There are some advantages to learning Spanish as a foreign language in the U.S. It's fairly common to be exposed to a range of regional variations of different vocabulary, usually for things like food, clothing or common colloquial expressions, while focusing on the most widely used words.  This is a good thing, at least in theory, since it would allow us to understand or speak to people from different countries and not limit us to just one and that is quite practical for living in the US where Spanish-speakers come from a variety of places.
Spanish is a rich language and certainly beginning students should be aware of some of these differences in vocabulary. 
      For a more advanced student, however, this can become a double-edged sword.  He continues to grow his repertoire of regional varieties through study, travel and contact with native speakers, but that lexicon is possibly a hodgepodge of vocabulary, mixing words from different countries in one conversation This might sound strange or confusing depending on whom you are talking with.
     I think it's important to know how people say thing in different places but depending on where you live, knowing a particular regional variety as well, can be just as valuable particularly if you want to be involved in a local Hispanic/ Latino community.  For example, if you live in the Southwest, Mexican colloquial expressions, slang,  vocabulary, and pronunciation would be worthwhile, in the Northeast, Puerto Rican or Dominican varieties, according to the demographics of the area, and in South Florida, Cuban.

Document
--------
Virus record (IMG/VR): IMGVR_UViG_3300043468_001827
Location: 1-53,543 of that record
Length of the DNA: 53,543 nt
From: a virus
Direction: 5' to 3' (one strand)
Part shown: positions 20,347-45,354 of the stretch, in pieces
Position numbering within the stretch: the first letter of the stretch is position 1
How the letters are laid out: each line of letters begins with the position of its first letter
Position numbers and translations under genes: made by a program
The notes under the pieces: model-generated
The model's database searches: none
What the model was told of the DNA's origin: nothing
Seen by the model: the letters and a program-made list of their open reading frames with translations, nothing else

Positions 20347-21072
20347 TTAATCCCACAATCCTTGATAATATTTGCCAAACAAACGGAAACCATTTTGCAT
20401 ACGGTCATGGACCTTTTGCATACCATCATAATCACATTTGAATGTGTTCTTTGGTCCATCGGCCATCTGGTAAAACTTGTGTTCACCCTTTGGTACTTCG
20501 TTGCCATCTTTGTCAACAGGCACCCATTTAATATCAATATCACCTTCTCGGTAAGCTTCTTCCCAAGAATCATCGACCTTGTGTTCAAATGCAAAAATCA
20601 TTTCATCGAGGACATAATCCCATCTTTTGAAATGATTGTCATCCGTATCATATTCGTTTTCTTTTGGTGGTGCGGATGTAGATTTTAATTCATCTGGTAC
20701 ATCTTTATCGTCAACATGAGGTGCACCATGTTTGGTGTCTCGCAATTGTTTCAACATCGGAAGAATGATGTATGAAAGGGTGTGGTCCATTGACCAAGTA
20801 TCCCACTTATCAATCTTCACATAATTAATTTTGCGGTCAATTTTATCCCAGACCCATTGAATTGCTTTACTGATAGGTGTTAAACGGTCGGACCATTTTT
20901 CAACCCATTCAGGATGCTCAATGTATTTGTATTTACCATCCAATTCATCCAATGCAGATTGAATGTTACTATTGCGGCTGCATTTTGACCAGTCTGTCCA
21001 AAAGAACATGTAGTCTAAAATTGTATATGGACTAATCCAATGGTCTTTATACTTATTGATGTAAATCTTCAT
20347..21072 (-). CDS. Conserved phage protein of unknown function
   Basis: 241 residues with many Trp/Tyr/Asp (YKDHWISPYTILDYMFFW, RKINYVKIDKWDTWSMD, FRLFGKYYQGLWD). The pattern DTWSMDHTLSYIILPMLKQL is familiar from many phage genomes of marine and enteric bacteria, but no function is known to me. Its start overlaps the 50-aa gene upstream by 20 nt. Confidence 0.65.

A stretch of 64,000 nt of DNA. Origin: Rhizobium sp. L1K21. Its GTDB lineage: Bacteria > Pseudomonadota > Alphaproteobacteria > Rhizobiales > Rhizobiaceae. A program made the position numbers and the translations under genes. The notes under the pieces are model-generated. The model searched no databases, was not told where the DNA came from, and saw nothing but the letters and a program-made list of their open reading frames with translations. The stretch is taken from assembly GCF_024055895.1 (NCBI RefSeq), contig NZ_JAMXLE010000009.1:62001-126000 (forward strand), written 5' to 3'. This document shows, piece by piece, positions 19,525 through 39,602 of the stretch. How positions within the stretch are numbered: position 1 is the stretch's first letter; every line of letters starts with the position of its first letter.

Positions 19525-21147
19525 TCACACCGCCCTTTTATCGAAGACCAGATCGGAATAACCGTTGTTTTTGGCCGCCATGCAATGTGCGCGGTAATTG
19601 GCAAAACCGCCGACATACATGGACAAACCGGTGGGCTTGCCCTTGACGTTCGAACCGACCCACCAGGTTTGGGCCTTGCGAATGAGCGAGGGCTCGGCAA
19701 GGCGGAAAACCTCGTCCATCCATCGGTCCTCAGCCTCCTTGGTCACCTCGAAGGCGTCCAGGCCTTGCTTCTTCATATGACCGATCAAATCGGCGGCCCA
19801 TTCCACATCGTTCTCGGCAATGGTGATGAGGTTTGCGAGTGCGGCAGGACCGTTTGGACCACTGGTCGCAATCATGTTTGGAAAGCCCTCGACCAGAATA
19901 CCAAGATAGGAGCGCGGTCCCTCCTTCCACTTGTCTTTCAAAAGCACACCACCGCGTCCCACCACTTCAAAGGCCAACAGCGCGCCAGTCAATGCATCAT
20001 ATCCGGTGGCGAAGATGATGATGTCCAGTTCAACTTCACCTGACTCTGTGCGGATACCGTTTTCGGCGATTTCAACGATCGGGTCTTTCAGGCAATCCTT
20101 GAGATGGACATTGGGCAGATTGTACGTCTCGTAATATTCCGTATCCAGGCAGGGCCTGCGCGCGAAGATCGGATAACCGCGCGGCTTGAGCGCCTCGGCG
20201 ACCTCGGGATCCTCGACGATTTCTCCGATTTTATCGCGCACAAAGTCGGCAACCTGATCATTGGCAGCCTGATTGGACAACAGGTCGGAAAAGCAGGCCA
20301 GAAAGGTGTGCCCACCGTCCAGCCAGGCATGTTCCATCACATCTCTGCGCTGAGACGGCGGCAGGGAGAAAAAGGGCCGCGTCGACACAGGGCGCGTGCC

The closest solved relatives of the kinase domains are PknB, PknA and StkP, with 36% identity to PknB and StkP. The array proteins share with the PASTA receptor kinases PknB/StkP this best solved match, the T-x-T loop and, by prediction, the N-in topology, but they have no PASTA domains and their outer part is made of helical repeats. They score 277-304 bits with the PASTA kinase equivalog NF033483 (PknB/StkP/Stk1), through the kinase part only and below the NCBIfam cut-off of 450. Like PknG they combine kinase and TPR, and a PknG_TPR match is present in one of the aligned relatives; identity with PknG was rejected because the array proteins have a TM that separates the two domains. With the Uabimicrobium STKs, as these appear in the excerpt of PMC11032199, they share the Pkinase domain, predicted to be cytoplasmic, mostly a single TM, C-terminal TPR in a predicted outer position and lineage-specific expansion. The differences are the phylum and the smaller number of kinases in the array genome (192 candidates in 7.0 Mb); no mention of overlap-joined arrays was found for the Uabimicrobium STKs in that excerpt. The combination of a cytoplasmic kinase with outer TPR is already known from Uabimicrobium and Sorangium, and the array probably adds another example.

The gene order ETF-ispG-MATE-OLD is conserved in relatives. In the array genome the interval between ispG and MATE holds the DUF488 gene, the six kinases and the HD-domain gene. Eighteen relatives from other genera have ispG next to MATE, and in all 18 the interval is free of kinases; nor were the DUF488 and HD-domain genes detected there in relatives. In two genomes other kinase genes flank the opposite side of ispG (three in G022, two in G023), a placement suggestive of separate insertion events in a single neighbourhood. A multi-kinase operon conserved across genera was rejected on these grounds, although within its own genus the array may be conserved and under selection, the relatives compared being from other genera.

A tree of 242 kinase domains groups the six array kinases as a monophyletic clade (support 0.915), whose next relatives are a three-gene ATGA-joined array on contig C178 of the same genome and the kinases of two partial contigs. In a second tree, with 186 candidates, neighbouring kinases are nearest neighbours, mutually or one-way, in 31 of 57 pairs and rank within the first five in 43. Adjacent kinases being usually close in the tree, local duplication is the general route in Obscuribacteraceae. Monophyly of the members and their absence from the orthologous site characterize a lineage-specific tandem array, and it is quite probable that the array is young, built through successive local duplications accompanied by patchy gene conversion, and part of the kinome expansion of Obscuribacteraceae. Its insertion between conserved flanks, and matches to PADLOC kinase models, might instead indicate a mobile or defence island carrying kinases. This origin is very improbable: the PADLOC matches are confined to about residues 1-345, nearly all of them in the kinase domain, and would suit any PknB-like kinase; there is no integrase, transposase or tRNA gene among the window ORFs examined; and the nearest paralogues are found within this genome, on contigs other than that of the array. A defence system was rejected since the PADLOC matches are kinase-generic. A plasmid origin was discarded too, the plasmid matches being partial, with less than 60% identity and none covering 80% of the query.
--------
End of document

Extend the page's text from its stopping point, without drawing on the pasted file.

Knowing a wide variety of regional usages takes time to learn and is a commendable goal but there are some 21 countries with Spanish as an official language and it's unrealistic that anyone would learn the unique vocabulary, when it differs from most other countries, for even a handful of countries.  Certainly by living there or even in an emigree community for an extended period of time, it is more probable that at least a learner can become proficient in one.
     If you have been in the situation of mixing 'dialects' or are trying to specialize or diversify your Spanish, please share your stories here by leaving a comment!